So many of computer security implementations today depend on what I call "opt-in" security. It could be called "trusted clients". Most IT implementations consist of a large scale of distributed computers which are getting more and more mobile all of the time. Controlling those distributed systems is a very tough challenge because IT's arms can only reach so far and those corporate employees (let alone consumers) are soooo far away. So enters the idea of centralized control...
The notion is simple: administrators need a central place-- a choke hold, perhaps-- to grasp (in futility, as it happens). Practically every enterprise management tool these days tries to do the same thing: make a computer that I cannot physically touch or see do something I want it to do.
The problem with centralized control of distributed systems today is that it is an illusion at best. When new applications are loaded onto systems, administrators aren't actually touching the systems. Instead, they are sending out code and data to be assimilated into each system. Likewise when "endpoint security" (marketing term du jour) systems are validating that a client computer is compliant with a policy set, it is attempting to reconfigure local settings. But under the microscope, all that really happens is that a computer program processes input, checks some properties' states, and (optionally) sends output back to a "central" server. That is, in a nutshell, all that centralized control is today.
Breaking down the steps ...
Maybe the remote computer's state was trustworthy at one time, back when it was first created, but before it was ever handed to a user. However, its current state is not known. After all, if we knew it was still in a known good state, why would we bother to run our policy status checking program on it?
The policy program runs, takes its actions (if any) and generates its output regarding a newly calculated system trustworthiness "state" of the system. Yet, if we cannot fully trust the host OS, then we cannot fully trust anything it outputs. What if our policy program asks the OS for the status of a resource (e.g. a configuration file/setting)? If the OS is untrustworthy (or if a malicious program has already subverted it), then the output is also not trustworthy; the actual value could be replaced with the value the policy program is expecting to see, so it shuts up and goes away.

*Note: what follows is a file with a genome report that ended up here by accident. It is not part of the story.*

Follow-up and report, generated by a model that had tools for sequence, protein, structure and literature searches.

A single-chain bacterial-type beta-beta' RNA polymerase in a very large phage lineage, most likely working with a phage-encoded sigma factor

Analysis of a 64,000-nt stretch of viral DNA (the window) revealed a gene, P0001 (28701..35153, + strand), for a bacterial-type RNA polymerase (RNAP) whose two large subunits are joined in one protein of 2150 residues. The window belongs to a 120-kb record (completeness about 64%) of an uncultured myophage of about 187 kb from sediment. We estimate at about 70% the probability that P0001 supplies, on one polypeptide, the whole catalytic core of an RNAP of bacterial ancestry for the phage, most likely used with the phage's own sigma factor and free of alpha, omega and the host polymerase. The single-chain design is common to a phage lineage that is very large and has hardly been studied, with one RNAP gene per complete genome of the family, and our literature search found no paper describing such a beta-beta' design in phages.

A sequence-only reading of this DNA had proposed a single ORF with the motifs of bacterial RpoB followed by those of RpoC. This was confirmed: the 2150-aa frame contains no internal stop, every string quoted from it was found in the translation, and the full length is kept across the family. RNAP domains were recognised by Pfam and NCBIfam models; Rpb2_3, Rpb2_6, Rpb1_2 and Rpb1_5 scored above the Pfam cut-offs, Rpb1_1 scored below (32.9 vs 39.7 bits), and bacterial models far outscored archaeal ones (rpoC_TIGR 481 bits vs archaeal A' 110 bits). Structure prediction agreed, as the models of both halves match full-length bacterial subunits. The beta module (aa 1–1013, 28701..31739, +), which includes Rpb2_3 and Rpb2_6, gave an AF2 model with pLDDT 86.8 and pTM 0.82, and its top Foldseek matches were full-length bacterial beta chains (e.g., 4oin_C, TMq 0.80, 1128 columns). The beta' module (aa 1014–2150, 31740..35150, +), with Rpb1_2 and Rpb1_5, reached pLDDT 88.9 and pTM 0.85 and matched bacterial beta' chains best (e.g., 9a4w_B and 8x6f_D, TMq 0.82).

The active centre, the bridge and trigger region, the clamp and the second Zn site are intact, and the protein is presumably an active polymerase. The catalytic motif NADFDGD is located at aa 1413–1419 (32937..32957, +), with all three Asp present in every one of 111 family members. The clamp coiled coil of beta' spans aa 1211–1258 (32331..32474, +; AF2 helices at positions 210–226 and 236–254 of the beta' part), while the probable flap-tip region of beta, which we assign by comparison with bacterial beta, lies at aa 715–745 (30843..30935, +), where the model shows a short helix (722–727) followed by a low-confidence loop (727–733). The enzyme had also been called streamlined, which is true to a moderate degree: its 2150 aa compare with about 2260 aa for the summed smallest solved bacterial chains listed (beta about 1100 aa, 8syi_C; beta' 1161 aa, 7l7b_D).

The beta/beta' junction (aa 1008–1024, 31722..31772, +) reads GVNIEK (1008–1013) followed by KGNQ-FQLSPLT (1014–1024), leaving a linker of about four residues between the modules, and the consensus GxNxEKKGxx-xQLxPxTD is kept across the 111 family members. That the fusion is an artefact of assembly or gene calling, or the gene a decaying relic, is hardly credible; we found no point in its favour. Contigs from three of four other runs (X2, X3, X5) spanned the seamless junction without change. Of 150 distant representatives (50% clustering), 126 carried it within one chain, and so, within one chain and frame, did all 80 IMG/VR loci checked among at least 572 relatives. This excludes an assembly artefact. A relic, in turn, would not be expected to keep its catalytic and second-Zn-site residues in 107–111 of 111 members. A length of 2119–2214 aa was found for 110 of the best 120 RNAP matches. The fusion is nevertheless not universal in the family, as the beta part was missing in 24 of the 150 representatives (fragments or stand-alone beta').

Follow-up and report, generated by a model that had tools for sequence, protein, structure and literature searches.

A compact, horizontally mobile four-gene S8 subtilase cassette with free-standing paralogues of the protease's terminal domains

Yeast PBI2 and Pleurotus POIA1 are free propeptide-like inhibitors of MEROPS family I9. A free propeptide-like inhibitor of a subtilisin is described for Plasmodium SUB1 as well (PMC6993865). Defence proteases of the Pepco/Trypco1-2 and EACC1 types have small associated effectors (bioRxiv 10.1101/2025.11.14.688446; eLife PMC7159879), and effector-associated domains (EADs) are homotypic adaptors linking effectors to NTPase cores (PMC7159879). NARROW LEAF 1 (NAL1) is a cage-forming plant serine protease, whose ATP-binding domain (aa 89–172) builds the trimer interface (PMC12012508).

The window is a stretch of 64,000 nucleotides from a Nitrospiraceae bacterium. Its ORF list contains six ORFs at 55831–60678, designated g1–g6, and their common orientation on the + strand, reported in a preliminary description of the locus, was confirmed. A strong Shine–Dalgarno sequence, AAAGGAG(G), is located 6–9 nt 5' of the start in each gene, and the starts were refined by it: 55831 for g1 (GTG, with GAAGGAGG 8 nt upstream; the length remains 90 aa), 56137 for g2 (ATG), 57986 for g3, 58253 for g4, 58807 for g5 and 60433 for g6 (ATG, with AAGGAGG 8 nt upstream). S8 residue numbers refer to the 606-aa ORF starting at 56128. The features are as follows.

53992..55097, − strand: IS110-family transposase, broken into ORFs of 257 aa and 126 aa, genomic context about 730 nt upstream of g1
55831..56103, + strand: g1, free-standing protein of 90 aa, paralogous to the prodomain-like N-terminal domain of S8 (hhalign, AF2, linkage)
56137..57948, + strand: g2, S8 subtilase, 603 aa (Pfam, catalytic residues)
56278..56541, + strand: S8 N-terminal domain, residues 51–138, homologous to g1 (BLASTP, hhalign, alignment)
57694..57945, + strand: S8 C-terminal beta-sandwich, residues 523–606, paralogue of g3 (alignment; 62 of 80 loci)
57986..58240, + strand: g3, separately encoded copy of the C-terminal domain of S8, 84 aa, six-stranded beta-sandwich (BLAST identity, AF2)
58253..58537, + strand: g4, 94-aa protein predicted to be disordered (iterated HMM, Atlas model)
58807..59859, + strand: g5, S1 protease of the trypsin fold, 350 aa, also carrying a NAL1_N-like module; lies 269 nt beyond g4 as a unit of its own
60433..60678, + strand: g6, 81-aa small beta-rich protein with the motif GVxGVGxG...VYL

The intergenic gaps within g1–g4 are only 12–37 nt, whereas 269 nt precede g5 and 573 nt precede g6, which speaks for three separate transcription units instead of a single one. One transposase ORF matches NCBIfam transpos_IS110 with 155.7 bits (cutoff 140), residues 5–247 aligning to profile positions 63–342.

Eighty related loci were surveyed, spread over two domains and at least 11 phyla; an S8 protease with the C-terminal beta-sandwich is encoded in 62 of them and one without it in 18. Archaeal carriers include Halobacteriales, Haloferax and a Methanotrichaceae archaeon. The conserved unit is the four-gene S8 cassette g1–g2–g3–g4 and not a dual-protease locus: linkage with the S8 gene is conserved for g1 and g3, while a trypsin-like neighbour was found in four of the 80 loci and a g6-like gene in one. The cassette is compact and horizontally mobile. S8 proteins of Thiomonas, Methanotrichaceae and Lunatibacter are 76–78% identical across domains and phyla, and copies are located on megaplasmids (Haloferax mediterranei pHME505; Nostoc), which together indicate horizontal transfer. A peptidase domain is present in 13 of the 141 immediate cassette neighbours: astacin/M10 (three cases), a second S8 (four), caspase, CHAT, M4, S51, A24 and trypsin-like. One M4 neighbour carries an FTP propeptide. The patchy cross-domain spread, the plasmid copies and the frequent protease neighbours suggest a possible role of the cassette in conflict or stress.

After the pseudo-policy-science is complete, the output is sent back to the central server, which (depending upon the application) could do anything from logging and reporting the status to granting access to attempting to further remedy the remote computer.
Now for some examples ...
Mark Russinovich of SysInternals (now Microsoft) fame created a tool called "gpdisable" to demonstrate how Active Directory Group Policy is really just an opt-in tool. As it turns out, his tool could even appease Step 2 above without requiring administrator rights. You cannot download gpdisable from Microsoft today (I think they removed it when SysInternals was purchased), but thanks to the WayBack machine you can download gpdisable here.
PGP Whole Disk Encryption is entirely an implementation of opt-in security. The installer code executes, claiming that the drive in its entirety is encrypted, claiming that the keys it uploads to the central server (like Step #3 above) are the real keys it uses, and of course claiming that the bootguard bypass is reset after the very next boot.
Anti-Virus works the same way. It's not too hard for malware to disable AV. Yet, if the policy polling process (alliteration) sees the process running ("brain dead" or not), it's not necessarily trustworthy.
Network Access/Admission Control/Protection (NAC or NAP depending on your vendor preference) is the worst case of opt-in security. NAC Implementations have been beaten straight up, in the vein of "these aren't the droids you're looking for" and NAC implementations have been hijacked by students.
Ok, so where do we go from here? There are really only two options: 1) bolster trustworthiness in distributed computing, or 2) ditch distributed computing in favor of something simpler, like thin clients and centralized computing.
Option 2 is beyond what can be crammed into this post, but don't think that means vendors are ignoring the possibilities of thin clients. Dell clearly is. Now they just have to figure out how to add mobility into the equation.
Probably the single greatest contributor to the possibility of achieving option 1 is the ubiquitous adoption of TPMs. TPMs could enable Remote Attestation, but they won't be able to do it without also coupling trust at the foundational levels like memory allocation. Regardless, increasing the trustworthiness of distributed computers from "opt-in" to high assurance will require a Trusted Path from the centralized server all the way to the remote computers' hardware, which does not exist today.